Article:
Monday, 13 January 2020

The Science Fiction Novel - Isaac Asimov

There a little snowflakes fluttering about today. Temperatures are around -5 Celsius, the coldest we've had here in quite awhile. Hoping it doesn't snow too much as Bonnie has an appointment early tomorrow morning. Our sneaky little Clyde managed to pull off his bandage last night. We had put a fresh one on his foot just to keep it secure for walks the next few days but he didn't like how well we did it so during the night he just pulled it off. A new one, more secure is on now. Lol!

Isaac Asimov
Well, let's see. Yesterday in my look at the Science Fiction novel, I highlighted Edmond Hamilton. Today I look at another of my early favorites, Isaac Asimov. Asimov was born in Smolensk, Russia in 1920. He died in Brooklyn in 1992. He was a professor of biochemistry at Boston University and a prolific writer of all genres. Over the course of his life he wrote more than 500 books and 90,000+ letters and post cards.

I believe that my first exposure to Asimov was with his Foundation and Empire trilogy. It featured 3 books, written between 1951 and 1953. The three books were -

a. Foundation FOUNDATION begins a new chapter in the story of man's future. As the Old Empire crumbles into barbarism throughout the million worlds of the galaxy, Hari Seldon and his band of psychologists must create a new entity, the Foundation-dedicated to art, science, and technology-as the beginning of a new empire. 

b. Foundation and Empire FOUNDATION AND EMPIRE describes the mighty struggle for power amid the chaos of the stars in which man stands at the threshold of a new enlightened life which could easily be destroyed by the old forces of barbarism. 

c. Second Foundation SECOND FOUNDATION follows the Seldon Plan after the First Empire's defeat and describes its greatest threat-a dangerous mutant strain gone wild, which produces a mind capable of bending men's wills, directing their thoughts, reshaping their desires, and destroying the universe.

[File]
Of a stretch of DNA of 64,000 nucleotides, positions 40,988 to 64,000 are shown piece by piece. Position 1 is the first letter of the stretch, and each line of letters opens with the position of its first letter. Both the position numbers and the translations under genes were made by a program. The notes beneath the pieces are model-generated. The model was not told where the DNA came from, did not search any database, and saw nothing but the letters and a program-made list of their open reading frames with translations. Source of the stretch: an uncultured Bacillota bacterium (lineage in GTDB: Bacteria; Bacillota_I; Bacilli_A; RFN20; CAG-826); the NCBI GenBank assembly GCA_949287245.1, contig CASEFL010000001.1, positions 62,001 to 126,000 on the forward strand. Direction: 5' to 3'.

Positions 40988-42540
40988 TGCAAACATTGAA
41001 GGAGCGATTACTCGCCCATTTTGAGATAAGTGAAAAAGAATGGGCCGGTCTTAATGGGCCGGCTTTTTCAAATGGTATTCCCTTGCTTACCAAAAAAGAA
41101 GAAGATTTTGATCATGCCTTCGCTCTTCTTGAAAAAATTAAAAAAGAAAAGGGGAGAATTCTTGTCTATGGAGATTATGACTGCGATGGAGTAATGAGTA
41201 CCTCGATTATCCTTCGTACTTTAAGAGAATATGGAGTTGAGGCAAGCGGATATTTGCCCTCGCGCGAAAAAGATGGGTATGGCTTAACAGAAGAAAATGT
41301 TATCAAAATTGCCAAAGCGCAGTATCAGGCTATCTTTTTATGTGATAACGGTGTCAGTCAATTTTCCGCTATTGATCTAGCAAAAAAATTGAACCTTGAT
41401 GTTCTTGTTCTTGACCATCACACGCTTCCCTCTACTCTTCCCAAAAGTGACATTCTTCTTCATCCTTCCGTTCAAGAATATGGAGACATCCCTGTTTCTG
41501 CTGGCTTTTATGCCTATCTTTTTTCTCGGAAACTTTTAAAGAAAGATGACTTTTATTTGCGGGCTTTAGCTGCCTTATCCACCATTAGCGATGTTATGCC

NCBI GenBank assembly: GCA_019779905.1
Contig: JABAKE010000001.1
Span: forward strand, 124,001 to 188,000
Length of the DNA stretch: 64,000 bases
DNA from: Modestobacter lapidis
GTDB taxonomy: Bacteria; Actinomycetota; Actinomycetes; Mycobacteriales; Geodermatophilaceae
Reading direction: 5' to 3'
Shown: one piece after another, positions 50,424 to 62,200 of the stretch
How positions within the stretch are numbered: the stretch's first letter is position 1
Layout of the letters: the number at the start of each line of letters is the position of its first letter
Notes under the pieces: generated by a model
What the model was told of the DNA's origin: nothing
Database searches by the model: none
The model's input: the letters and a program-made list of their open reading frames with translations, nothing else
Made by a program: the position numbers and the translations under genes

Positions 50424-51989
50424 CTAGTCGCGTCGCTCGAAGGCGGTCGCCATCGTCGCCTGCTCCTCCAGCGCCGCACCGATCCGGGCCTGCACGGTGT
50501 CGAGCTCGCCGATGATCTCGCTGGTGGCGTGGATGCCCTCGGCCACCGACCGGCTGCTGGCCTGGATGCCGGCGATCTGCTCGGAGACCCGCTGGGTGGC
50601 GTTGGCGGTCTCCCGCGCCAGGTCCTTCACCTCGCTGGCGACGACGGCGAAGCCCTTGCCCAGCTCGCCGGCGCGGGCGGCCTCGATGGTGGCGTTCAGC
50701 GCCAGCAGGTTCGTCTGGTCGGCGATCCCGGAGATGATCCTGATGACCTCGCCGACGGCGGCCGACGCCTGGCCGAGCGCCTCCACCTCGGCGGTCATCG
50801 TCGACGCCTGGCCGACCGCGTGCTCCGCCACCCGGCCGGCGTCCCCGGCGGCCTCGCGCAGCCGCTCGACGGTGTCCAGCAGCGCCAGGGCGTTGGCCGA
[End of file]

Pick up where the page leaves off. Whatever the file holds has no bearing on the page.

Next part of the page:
It was such a fascinating series, the scope, the political intrigue, the characters. I remember loving it. Now since then, Asimov did write other books in this series, those I haven't read.... yet. In 1981, he was persuaded to write a 4th book, Foundation's Edge (I may have read this, but I can't remember). He wrote another sequel, Foundation and Earth (1986) and then two prequels, Prelude to Foundation (1988) and Forward to Foundation (published after his death in 1993).

After the Foundation trilogy, I got quite hooked on his Robot books;

a. The Caves of Steel (1954)
b. The Naked Sun (1957)
c. The Robots of Dawn (1983)
d. Robots and Empire (1985)








These books were a combination of Sci-Fi and mystery. They elaborated on Asimov's 3 basic laws of robotics; 

First Law
A robot may not injure a human being or, through inaction, allow a human being to come to harm.
Second Law
A robot must obey the orders given it by human beings except where such orders would conflict with the First Law.
Third Law
A robot must protect its own existence as long as such protection does not conflict with the First or Second Laws.

These books were also excellent mysteries featuring detective Elijah Baley. In The Caves of Steel, he works with robot investigator Daneel.

Over the years, I've enjoyed many other Asimov stories. In 1966, he wrote The Fantastic Voyage, which was turned into a movie with Raquel Welch, amongst others. It tells the story of a team which must be miniaturized and injected into the blood stream of a scientist who is dying and their efforts to defeat the cause. In 1987, he wrote The Fantastic Voyage II, which while not a sequel to Fantastic Voyage, was an attempt by Asimov to improve on some of the flaws he felt were in the first story.




In 1950, he published I, Robot, which was a collection of previous short stories that he put in one book. As the title indicates, they all dealt with robotic issues, each story told by Dr. Susan Calvin to a reporter and each dealing with a moral, ethical issue involving robots and challenges to the laws of robotics. The book contained 9 stories and in introduction. Each was fascinating as I recall.






Now it's possible I may have read more of Asimov's Sci-Fi contributions than I realize as he has been prolific. Of late, I've begun to explore his mystery contributions, the Tales of the Black Widowers, but those don't belong in this discussion. (Well worth checking out, mind you). The complete list of his works can be found at this link.

I hope you enjoy exploring his works. Have a great week!

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